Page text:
Thursday, April 17, 2008

Against What?

Okay, so I passed in and out of consciousness while trying to decipher this pompous work. I'm not exactly sure where I'm going with this post, but two things I feel the need to clarify:
Language, as they say, is intentional. The two are inseperable. Language is organized, and the purpose of language (its intention) is to communicate ideas effectively. Language, as they stated, is representational and is consitent of signifiers that are tangibles for the concepts they represent. Such that the actuality of the language is defined by the existence of that which it is trying to represent. The words on the ocean, if made by accident, represent nothing therefore the signifier is seperated from the signified, and it fails. So I think I'm with them on that.

The whole spiel about de Man's interpretation of naming Marion, or at least producing a sound that resembles Marion (seems like such an arbitrary distinction), is a bit much. Rousseau named Marion, nonetheless. He spoke words and language before the wondrous utterance of the resembling "sound," and he spoke language afterwards. But we are supposed to believe, upon Rousseau going back to the moment in his mind, that he is able to now re-interpret what the actuality of the sound was. At the moment, it seems, that he spoke 'Marion' it was language filled with intention. Going back to that moment, he has re-interpreted it as nothing but an immediate reaction, spoken by someone who speaks the language of intention, but not intending anything at all. Therefore, as author of this text 'Marion,' he himself has given to us two definitions. If we were with him when he said it and before analyzing it, we would agree with his author's intention which is the only viable thing, and called it language; now upon re-examination we call it non-language. Rousseau as author and intender leads me to believe that (1) there is an intention existant that is separate from the author's full knowledge (i.e., he doesn't know what he really means), and (2) that the concept of language itself can be separated momentarily from intention. We as readers, subscribing to author's intent now have come to believe two things. He meant it, now he didn't meat it. There is an intention existant and solid, immutable throughout this time period. Roussea's understanding of this intention is the variable. We as readers are the result of Roussea's misunderstanding of his intention. The language is mutable. And maybe there isn't such a rigid connection between the two.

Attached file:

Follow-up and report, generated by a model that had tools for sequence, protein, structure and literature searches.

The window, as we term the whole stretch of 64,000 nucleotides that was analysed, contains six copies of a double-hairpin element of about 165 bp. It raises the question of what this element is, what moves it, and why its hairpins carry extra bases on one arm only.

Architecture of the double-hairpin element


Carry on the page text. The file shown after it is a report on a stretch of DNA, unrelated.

I don't even know if I made sense just now. Anyways, the other thing that I meant to address is the difference between belief or knowledge, or non-difference as they put it. As if we can believe something without analysing our beliefs. I believe chocolate is good for me, but it doesn't lead me to become disinterested in studies showing that it may not be. An understanding of belief as being largely opinionated and unfounded (in a complete sense) by facts leads to an attempt to attain truth. I believe until I know. Belief is my journey, knowledge my destination. But one can also believe in facts, I guess, or that some facts are true and others skewed. However, information is nuetral, numbers I guess signifiers and defined only by the value we place on them. Interpretations exist on all levels. Without a belief that what you are saying is true, that you are speaking the truth, there is no connection between you and what you are saying. I don't know where I'm going with this anymore.

So I'll just end it here.

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